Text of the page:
It was around this same time that the now well-known photographer E.J. Bellocq took his infamous pictures of these ladies of the night. All in black and white, these pictures vary from nice brothel houses to small shacks with the ladies many times either relaxing, posing nude, or in the case of the popular landladies, dressed in their finest gowns adorned in jewelry. Bellocq’s photo’s are the only photographic evidence of brothels in Storyville, making them an important piece of history even though no one even saw them until after his death in 1949. After being popularized in the 1970’s, there are still a few of the photographs in New Orleans, some of which are up on the wall of May Baily’s Place located on Dauphine Street downtown. Copies of ads in the Blue Books, which were books given to tourists that listed all the working girls in Storyville, along with their associated houses, can also be found in May Baily’s Place. “May Baily’s is a great place to go for anyone who’s interested in the history. You can just get a drink and walk around, look at the stuff on the walls and it’s fascinating,” Schutts recommends.
Another interesting fact regarding E.J. Bellocq is the location of his home at 1026 Conti Street, which is the very same place the famous “last Madame” Norma Wallace housed her final brothel in the mid-1900’s.  After Storyville was shut down by the Federal government in 1917 due to military moral restrictions at the beginning of World War I, more of the same activity continued. “You can make it illegal, but you can’t make it unpopular,” said the late Mayor Martin Behrmann at the time Storyville closed. Norma Wallace was an ambitious, wild business woman who often lied about her age. She started her first brothel in the 1920’s and cleverly ran on the corner of Burgundy and Conti above an illegal speakeasy called Pete’s Ringside Lounge that her boyfriend owned. The police would never get to bust the brothel because they’d only bust the lounge. “With the two of them making money from both of those businesses, every time they’d bust the ringside lounge they could just pay whatever the ticket was and continue what they were doing,” Schutts explains.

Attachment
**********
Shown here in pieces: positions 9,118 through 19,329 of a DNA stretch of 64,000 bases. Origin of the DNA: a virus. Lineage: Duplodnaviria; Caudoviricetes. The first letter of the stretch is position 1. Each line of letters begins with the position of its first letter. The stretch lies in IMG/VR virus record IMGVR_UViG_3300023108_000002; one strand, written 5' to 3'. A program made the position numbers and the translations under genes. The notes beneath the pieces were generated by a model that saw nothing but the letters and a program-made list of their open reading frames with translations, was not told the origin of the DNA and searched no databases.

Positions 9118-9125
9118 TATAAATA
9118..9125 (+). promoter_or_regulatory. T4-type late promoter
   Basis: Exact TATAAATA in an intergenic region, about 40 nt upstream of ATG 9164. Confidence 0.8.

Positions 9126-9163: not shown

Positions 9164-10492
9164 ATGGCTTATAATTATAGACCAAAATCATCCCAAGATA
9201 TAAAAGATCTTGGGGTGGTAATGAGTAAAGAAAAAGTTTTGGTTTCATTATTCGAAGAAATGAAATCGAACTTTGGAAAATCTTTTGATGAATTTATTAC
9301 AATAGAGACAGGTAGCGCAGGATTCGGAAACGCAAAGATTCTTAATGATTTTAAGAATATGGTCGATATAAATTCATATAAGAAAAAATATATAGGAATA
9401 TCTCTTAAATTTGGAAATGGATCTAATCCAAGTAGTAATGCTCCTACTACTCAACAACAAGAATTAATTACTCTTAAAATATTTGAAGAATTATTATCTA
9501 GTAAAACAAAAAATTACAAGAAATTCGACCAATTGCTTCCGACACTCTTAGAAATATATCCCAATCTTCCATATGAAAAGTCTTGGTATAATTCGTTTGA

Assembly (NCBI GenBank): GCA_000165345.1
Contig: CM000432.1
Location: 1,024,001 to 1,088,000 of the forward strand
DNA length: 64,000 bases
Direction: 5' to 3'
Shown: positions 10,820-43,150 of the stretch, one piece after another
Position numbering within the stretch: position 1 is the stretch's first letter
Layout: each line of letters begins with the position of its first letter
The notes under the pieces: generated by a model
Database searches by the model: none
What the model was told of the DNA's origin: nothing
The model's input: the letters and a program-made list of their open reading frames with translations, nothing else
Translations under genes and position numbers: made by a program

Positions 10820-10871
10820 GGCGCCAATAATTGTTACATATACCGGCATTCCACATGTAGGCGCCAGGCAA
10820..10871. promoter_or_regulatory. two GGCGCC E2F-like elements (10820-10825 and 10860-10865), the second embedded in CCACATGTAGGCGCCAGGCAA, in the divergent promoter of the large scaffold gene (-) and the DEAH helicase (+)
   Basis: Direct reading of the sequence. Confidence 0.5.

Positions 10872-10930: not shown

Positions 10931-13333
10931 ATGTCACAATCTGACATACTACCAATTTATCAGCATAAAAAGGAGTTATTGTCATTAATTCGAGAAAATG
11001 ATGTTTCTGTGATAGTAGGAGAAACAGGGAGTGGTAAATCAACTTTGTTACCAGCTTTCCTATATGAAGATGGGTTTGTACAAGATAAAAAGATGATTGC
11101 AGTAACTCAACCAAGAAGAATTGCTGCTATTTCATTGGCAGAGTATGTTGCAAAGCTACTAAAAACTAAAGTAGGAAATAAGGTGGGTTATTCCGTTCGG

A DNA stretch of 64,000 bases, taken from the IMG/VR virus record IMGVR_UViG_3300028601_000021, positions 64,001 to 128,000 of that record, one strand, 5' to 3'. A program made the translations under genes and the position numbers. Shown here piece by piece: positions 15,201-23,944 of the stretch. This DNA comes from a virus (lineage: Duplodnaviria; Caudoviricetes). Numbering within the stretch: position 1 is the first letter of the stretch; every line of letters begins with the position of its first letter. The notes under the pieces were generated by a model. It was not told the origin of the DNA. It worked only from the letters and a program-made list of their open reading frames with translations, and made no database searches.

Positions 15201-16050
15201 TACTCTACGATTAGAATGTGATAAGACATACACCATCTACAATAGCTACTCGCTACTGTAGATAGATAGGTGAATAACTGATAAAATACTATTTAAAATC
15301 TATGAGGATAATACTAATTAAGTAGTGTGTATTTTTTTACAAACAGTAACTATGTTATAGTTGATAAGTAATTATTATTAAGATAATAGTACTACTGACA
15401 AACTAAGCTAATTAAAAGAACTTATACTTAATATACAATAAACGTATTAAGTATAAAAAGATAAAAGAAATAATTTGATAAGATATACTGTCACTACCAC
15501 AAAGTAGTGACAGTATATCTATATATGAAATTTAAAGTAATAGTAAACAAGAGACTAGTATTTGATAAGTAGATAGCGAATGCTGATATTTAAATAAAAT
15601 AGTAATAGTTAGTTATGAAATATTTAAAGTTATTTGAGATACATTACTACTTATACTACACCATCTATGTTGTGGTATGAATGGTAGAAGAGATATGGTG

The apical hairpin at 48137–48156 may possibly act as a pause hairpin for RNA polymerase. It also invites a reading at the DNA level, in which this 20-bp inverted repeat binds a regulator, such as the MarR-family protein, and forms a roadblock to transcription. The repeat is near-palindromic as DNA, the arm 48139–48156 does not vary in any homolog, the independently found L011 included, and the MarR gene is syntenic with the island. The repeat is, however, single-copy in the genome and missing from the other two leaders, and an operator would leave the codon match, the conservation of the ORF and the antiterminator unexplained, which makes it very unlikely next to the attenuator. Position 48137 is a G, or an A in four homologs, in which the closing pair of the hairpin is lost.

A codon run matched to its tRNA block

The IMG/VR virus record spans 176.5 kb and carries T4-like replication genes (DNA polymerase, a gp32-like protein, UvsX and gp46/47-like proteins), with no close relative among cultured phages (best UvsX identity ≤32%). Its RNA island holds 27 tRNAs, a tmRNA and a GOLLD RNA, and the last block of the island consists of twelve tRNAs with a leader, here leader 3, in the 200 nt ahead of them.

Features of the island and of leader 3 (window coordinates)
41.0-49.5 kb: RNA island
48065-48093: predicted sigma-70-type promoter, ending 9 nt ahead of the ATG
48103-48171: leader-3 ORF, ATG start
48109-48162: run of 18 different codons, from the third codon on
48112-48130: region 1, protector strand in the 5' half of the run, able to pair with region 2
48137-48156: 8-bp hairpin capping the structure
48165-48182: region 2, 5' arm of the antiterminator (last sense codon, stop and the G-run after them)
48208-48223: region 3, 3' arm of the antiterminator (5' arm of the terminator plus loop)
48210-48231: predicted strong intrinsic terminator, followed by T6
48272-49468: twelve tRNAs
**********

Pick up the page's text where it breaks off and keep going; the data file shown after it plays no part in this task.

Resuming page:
After that, Norma Wallace stepped up her clientele selection, and required a strict dress code for girls both on and off the clock, providing a classy and elegant array of girls to choose from. She did not allow her girls to use any drugs or pimps.  Her second brothel was located on Dauphine Street across from what is now May Baily’s Place and this is when many politicians, police officers, and other prominent figures began to regularly visit her business. However, it is her third brothel at 1026 Conti Street that was Norma Wallace’s most famous brothel. Purchased in June of 1938, Norma ran this lavish brothel that housed movie stars, gangsters, and international political figures into the 1960’s up into her retirement. Her success was based on her discrepancy, such as using the code word “Vidalia” to describe anything from a drunken customer to an unwelcome lawman. It was based on political protection due to her long list of faithful clients throughout her career. “The Last Madame” is a book by Christine Wiltz that truly captures the essence of this remarkable woman and her story since birth around maybe 1901 (no one knows her real age).
Schutts says the importance of Norma Wallace can not be reiterated enough when they visited each of her three brothels. The Scandalous Cocktail Hour Tour that largely highlights some of New Orleans’ dirtiest secrets from the Storyville time does the same.  However, the last and perhaps most mysterious highlight of the Original New Orleans’ Red Light Tour was their visit to one of the locations of the House of the Rising Sun, which is believed to be on the 800 block of St. Louis Street between Bourbon and Dauphine.  However, Schutts says there was disagreement on the location after renovations were done in the ‘80’s to the building and some proof of its importance was found. “They found a big mural with some cherubs surrounding a rising sun,” he says. “They found champagne flutes, dirty postcards, and paper work by Madame MaryAnn Le Soleil Levant, which in French means ‘The Rising Sun.’”
So many stories like these make up the fascinating history of brothels in New Orleans. Visit the spots yourself to find out more information on each location’s story. More information regarding the individual tours can be found at or at

Sign Up!